But yeah... 1:100 ratio is not unheard of at many hospitals. It's all because of outsourcing....

Sixt has that without outsourcing (3, Interesting)

Casandro (751346) | more than 6 years ago | (#24716275)

Sixt, a german car rental company which is mostly based on Linux (including the desktop) it is roughly 1:100. They have about 2000 employees and about a dozend of them are in the IT-department.

Re:1:100 at many places (1)

teh moges (875080) | more than 6 years ago | (#24716521)

I used to work for local government and before my position was created, there were 2 IT staff for nearly 200 staff in total. The ratio went down when I started (although I was still only part time), when we had a whopping 2.6 IT staff for around 200 staff in total.

For anything to get done outside of 'everyday stuff', we had to bring in consultants. It doesn't surprise me that larger places don't increase their IT support relatively.

extremely high (3, Funny)

bitflusher (853768) | more than 6 years ago | (#24716237)

I am the only human in my own little IT firm, that makes a 1 in 1 ratio...

Re:extremely high (2, Insightful)

arth1 (260657) | more than 6 years ago | (#24716325)

Same here, although at times there are 0% IT staff, like when I'm doing paperwork. And at times there are 200% IT workers, like when I get my better half to lend a hand.

Which brings me over to the question "what is an IT person?"
I am sure that different companies define this differently, and some might consider e.g. payroll processing "IT work", while others include non-IT personnel working for the IT department, like (in order of importance) janitors, cafeteria workers and CIOs. In a big company, they still may be employed in the IT division, and count as IT.

Re:extremely high (5, Interesting)

YttriumOxide (837412) | more than 6 years ago | (#24716883)

Which brings me over to the question "what is an IT person?"
I am sure that different companies define this differently, and some might consider e.g. payroll processing "IT work", while others include non-IT personnel working for the IT department, like (in order of importance) janitors, cafeteria workers and CIOs. In a big company, they still may be employed in the IT division, and count as IT.

That's a very good point. It can work the other way as well, where you have "IT people" who don't work for the IT department. I have no idea how many people work in my company's "IT Department", because I don't work there and generally have no need to talk to them about anything. I work for a department called the "Solution Centre", which is in charge of finding and developing IT solutions for customers (rather than internal IT, which is what our IT department does). I'm employed primarily as a programmer. So, am I an "IT Person" or not? How about the guy in my department who (amongst other things) is responsible for making sure our test network stays up? He doesn't work in the "IT Department" either, but in almost every way can be considered a sys admin.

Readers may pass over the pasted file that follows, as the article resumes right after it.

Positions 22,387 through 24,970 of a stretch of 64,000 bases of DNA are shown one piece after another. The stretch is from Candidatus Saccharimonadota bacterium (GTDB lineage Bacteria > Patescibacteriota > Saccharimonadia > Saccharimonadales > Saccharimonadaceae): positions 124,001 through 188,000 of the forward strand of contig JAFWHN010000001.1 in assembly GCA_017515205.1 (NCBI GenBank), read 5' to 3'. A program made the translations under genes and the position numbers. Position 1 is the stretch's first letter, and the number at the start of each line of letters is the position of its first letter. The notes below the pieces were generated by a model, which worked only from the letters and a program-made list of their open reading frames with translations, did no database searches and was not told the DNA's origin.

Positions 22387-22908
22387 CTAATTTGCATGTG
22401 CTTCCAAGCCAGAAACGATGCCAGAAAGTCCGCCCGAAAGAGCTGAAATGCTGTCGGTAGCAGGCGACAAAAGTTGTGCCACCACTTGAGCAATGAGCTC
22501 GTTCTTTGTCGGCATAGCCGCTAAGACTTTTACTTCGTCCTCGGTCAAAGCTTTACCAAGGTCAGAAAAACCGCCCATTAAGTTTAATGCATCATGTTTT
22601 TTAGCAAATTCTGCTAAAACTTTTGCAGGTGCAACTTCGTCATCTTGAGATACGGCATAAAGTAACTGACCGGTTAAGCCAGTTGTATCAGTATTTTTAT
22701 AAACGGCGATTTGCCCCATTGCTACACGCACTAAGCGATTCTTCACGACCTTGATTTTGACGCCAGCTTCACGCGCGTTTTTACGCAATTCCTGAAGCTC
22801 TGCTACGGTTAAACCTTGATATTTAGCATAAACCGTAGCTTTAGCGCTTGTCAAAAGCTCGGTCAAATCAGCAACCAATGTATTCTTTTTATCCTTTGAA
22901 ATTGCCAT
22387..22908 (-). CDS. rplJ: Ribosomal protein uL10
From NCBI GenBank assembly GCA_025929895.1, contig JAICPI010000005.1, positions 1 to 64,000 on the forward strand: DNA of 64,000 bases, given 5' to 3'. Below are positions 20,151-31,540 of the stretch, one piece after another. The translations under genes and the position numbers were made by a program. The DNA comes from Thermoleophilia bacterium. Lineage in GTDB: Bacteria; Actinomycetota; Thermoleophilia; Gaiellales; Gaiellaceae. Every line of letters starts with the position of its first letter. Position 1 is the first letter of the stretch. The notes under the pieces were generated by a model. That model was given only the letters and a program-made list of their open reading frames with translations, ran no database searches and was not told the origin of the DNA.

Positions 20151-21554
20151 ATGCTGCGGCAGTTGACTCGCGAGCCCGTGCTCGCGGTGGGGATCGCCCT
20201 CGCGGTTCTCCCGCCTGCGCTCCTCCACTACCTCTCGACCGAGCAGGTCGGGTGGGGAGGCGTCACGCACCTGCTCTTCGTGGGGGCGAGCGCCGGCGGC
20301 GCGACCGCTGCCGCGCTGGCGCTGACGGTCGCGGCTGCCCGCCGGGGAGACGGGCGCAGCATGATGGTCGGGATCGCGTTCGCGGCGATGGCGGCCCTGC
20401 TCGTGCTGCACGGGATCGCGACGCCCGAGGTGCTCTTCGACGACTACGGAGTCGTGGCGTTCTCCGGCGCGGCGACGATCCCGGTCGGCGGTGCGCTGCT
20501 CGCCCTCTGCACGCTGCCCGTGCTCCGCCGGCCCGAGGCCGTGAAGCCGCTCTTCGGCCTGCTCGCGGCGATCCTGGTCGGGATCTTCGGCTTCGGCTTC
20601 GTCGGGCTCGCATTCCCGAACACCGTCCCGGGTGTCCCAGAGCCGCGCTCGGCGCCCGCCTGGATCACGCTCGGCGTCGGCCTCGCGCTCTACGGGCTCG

If you ONLY count our "IT Department", I GUESS we have a ratio of around 1:100 or maybe less, but if you count people outside of the IT department who do IT related work, it's probably closer to 1:5. We've got somewhere around 40000 employees worldwide (not counting third party companies that "live and die" solely by what we do and for all intents and purposes are part of us, just not from the "business" side)

Our main "normal" IT infrastructure is a mix of Linux and Windows servers for various tasks and I think an AS/400 type system somewhere, with almost exclusively Windows XP workstations for employees. In departments such as mine, we tend to be 25% Linux, 40% Windows, 30% MacOS X and 5% Other (including things like a couple of Solaris boxes, one Mac OS 9, and so on. Most of the people in our department have TWO laptops per person - one (usually WinXP system) for the "corporate network" (where we check our email, etc) and one for the "test network" where we do all our real work. On top of that, we have the mix of systems I just described as desktop systems and servers on our test network. The IT department only looks after our corporate network systems (which are mostly WinXP).

Easy peasy (1, Interesting)

Anonymous Coward | more than 6 years ago | (#24716241)

150 users to IT staff of 1
Citrix/windows mixture with Linux A majority are dumb terms.

And Avaya phone switch

There are very few times where I am utterly swamped.

high School (1)

NovaHorizon (1300173) | more than 6 years ago | (#24716251)

When I worked for my high school it was around 400+ desktops, 500 students, ~30-40 staff members and the tech department was 1 guy plus what ever time I had to spare to help him out. so that's what? 200:1 for desktops to us, 270:1 for users to us, and 15-20 to 1 for staff to us. I was able to keep up with almost all the issues by myself honestly.. so yea 7:1 ratio? those techs must have a whole lot work they have to do per change 0.o

Re:high School (1, Informative)

Anonymous Coward | more than 6 years ago | (#24716379)

I work at high school also... 150 desktops, 330 students, 50 staff. Itâ(TM)s just me. I usually have no problem taking care of the place when school is in session. Itâ(TM)s the stuff during the summer like upgrading machines, running cable, installing projectors that can be annoying. But it really depends on the type of company you work for. For education a 250:1 ratio is not bad. Some districts have one guy covering four urban high schools. Thatâ(TM)s like 10,000:1. Explains why tech is so great in our school systemsâ¦

there can be 2 reasons (1)

extirpater (132500) | more than 6 years ago | (#24716261)

1- The company she works is a partner company for CIA.
2- Non-IT people are over 70+ years old, Joe Sixpacks.